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30-Yr. Fixed Mortgages Hit Record-Low 3.4%

Just when I was beginning to think interest rates were finally bottoming out, rates on 30-year fixed mortgages dropped again to an all-time low of 3.4 percent last week. According to a press release issued by Freddie Mac last Thursday, "all mortgage products, except the 5-year ARM, averaged new all-time record lows."

Here's a brief breakdown of the rates per Freddie Mac's Primary Mortgage Market Survey:

  • 1-yr. ARM: 2.60%
  • 5-yr. ARM: 2.71%
  • 15-yr. Fixed: 2.73%
  • 30-yr. Fixed: 3.40%

The crazy thing is that back in 2008 I was earning higher interest rates than each of these in my online savings accounts! My, how things have changed. So what's continuing to drive mortgage rates South? Frank Nothaft, chief economist at Freddie Mac, had the following to say: "Fixed mortgage rates continued to decline this week, largely due to the Federal Reserve's purchases of mortgage securities, and should support an already improving housing market. For instance, the S&P/Case-Shiller® 20-city home price index rose 1.2 percent over the 12 months ending in July, reflecting the largest annual increase since August 2010. Moreover, 16 of the cities saw positive growth, led by Phoenix's 16.6 percent gain. Additionally, new home sales in July and August had the strongest two-month pace since March and April 2010." So, if you've been sitting on the fence saving your cash and waiting for a time to not only snatch up a home at a low price, but also lock in a super-low rate on a fixed mortgage, you might want to think about finally jumping in the game. Who knows what will happen next month in this crazy economy, but it really is looking like a great time to be a home buyer at the moment. That is, if you have excellent credit scores, plenty of cash for a down payment, and a plan to be in it for the long run. Getting approved for a mortgage is still an extremely difficult task to accomplish these days, so make sure you enter the application process with your credit scores in tip-top shape and your financial house completely in order.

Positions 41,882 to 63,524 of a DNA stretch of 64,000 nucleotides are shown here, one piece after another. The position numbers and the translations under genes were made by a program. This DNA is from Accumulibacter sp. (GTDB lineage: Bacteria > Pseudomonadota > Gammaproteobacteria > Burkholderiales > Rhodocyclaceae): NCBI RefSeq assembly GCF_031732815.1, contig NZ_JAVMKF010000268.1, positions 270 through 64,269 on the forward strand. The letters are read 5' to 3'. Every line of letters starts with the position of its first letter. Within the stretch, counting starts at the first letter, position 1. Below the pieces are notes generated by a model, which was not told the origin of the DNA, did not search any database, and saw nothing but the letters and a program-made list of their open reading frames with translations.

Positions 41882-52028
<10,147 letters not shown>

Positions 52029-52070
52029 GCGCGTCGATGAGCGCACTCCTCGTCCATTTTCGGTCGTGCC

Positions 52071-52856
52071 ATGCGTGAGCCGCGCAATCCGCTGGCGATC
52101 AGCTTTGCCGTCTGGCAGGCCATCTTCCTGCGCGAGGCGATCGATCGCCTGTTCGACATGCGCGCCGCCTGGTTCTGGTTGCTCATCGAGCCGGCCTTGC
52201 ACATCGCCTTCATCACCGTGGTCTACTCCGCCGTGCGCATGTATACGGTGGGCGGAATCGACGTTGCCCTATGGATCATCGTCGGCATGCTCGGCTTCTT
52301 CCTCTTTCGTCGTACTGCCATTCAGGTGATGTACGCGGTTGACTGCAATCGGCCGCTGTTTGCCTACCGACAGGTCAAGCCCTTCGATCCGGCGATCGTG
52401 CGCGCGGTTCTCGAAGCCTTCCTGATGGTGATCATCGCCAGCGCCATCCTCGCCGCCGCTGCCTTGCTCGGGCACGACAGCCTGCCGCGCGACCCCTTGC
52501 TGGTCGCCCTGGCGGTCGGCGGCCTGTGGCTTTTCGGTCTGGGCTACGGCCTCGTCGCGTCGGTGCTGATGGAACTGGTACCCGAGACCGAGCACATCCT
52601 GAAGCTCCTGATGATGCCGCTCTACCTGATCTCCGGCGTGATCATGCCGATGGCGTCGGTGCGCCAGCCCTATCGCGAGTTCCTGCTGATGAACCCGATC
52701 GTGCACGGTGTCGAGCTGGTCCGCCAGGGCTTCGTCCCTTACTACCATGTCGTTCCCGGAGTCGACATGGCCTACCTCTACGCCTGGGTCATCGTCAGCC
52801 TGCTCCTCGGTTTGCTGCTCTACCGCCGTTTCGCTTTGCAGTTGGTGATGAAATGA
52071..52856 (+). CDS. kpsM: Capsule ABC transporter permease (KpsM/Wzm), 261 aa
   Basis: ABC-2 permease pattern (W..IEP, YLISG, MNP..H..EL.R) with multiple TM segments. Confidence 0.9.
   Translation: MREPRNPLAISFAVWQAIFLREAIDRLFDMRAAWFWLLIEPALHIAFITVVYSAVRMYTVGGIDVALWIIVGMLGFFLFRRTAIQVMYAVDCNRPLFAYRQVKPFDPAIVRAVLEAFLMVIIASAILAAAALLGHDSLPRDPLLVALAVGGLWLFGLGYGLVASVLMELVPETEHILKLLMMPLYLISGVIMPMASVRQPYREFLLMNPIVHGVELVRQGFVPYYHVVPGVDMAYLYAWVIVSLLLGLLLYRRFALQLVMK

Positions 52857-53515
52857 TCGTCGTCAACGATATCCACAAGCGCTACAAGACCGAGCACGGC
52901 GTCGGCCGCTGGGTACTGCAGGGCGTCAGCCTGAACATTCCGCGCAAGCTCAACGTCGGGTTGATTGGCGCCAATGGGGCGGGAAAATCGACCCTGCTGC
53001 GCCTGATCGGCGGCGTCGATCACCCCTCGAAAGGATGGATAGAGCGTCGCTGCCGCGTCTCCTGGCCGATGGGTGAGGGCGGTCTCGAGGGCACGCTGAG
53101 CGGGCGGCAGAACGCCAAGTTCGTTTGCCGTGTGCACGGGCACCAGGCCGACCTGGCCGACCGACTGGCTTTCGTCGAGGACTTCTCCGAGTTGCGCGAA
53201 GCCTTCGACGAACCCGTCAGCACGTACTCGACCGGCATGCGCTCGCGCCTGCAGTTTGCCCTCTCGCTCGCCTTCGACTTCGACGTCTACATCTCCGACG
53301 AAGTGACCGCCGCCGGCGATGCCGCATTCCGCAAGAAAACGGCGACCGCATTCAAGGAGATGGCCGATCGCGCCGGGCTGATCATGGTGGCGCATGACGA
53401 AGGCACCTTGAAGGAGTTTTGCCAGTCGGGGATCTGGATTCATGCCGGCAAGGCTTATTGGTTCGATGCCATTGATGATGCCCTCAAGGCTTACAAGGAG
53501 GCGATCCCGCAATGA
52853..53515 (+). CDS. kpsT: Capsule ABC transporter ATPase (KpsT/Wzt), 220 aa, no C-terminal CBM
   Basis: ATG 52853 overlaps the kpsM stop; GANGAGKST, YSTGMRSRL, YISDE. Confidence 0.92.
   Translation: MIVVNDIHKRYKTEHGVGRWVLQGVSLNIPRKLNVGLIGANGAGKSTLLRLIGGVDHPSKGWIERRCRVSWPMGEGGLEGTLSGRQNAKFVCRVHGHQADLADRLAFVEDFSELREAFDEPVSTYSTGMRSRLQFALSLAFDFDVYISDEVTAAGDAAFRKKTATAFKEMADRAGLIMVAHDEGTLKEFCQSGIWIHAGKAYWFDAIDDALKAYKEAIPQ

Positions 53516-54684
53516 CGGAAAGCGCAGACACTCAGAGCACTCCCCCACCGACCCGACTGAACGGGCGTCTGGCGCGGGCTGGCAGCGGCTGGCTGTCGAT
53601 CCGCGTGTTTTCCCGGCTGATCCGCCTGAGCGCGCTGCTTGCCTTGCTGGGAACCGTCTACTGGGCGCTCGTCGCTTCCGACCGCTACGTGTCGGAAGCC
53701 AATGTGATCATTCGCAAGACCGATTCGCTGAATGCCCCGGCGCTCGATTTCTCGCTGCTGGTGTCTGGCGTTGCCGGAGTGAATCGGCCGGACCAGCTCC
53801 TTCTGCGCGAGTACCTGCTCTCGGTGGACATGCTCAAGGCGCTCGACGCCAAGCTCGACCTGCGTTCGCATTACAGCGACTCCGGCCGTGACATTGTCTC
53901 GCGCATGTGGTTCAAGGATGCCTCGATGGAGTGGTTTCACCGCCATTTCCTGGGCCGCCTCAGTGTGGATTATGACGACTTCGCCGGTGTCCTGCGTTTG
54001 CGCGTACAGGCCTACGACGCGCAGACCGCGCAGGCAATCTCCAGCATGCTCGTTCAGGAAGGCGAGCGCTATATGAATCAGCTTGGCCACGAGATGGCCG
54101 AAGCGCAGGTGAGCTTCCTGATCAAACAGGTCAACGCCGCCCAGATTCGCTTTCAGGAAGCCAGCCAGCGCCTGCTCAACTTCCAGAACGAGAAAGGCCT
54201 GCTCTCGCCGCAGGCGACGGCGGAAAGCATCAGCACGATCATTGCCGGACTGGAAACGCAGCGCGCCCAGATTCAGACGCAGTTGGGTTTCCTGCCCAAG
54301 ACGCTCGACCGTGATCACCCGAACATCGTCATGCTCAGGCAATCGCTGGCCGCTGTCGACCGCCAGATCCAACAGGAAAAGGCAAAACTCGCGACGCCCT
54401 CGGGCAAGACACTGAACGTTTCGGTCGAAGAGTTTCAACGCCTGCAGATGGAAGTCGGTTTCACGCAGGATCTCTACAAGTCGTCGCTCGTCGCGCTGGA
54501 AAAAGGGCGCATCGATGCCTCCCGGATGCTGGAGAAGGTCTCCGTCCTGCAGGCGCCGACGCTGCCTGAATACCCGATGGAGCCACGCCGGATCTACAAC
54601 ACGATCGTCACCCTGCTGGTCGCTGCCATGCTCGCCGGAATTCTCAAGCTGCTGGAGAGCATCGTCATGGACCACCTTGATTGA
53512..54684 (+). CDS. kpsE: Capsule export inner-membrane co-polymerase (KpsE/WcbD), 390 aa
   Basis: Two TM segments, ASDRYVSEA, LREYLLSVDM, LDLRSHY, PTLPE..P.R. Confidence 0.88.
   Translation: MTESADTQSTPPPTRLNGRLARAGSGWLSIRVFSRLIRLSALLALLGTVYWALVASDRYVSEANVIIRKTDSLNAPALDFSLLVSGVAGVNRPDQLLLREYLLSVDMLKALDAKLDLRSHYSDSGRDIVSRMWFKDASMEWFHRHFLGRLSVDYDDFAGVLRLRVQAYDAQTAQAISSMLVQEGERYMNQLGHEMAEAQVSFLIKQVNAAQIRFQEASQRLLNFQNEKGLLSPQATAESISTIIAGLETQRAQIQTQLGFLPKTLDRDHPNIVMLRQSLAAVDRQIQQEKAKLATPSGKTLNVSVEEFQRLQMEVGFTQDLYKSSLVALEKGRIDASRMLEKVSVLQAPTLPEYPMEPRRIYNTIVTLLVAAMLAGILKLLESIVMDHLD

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Joshua Heckathorn's picture

Joshua Heckathorn was the President and owner of Creditnet.com. He shared his unique insights about credit cards, credit scores, investments, and all aspects of personal finance on Creditnet's blog, Credit¢ents. Joshua received a Bachelor of Science in Management (Finance) from Brigham Young University's Marriott School of Business and earned his Master of Business Administration from Seattle University in 2009.

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Comments

Aliso Viejo Short Sale's picture

Mortgage rates are low because they tend to track the yield on the 10-year Treasury note. A weaker U.S. economy and uncertainty about how Europe will resolve its debt crisis have led investors to buy more Treasury securities, which are considered safe investments. As demand for Treasurys increase, the yield falls.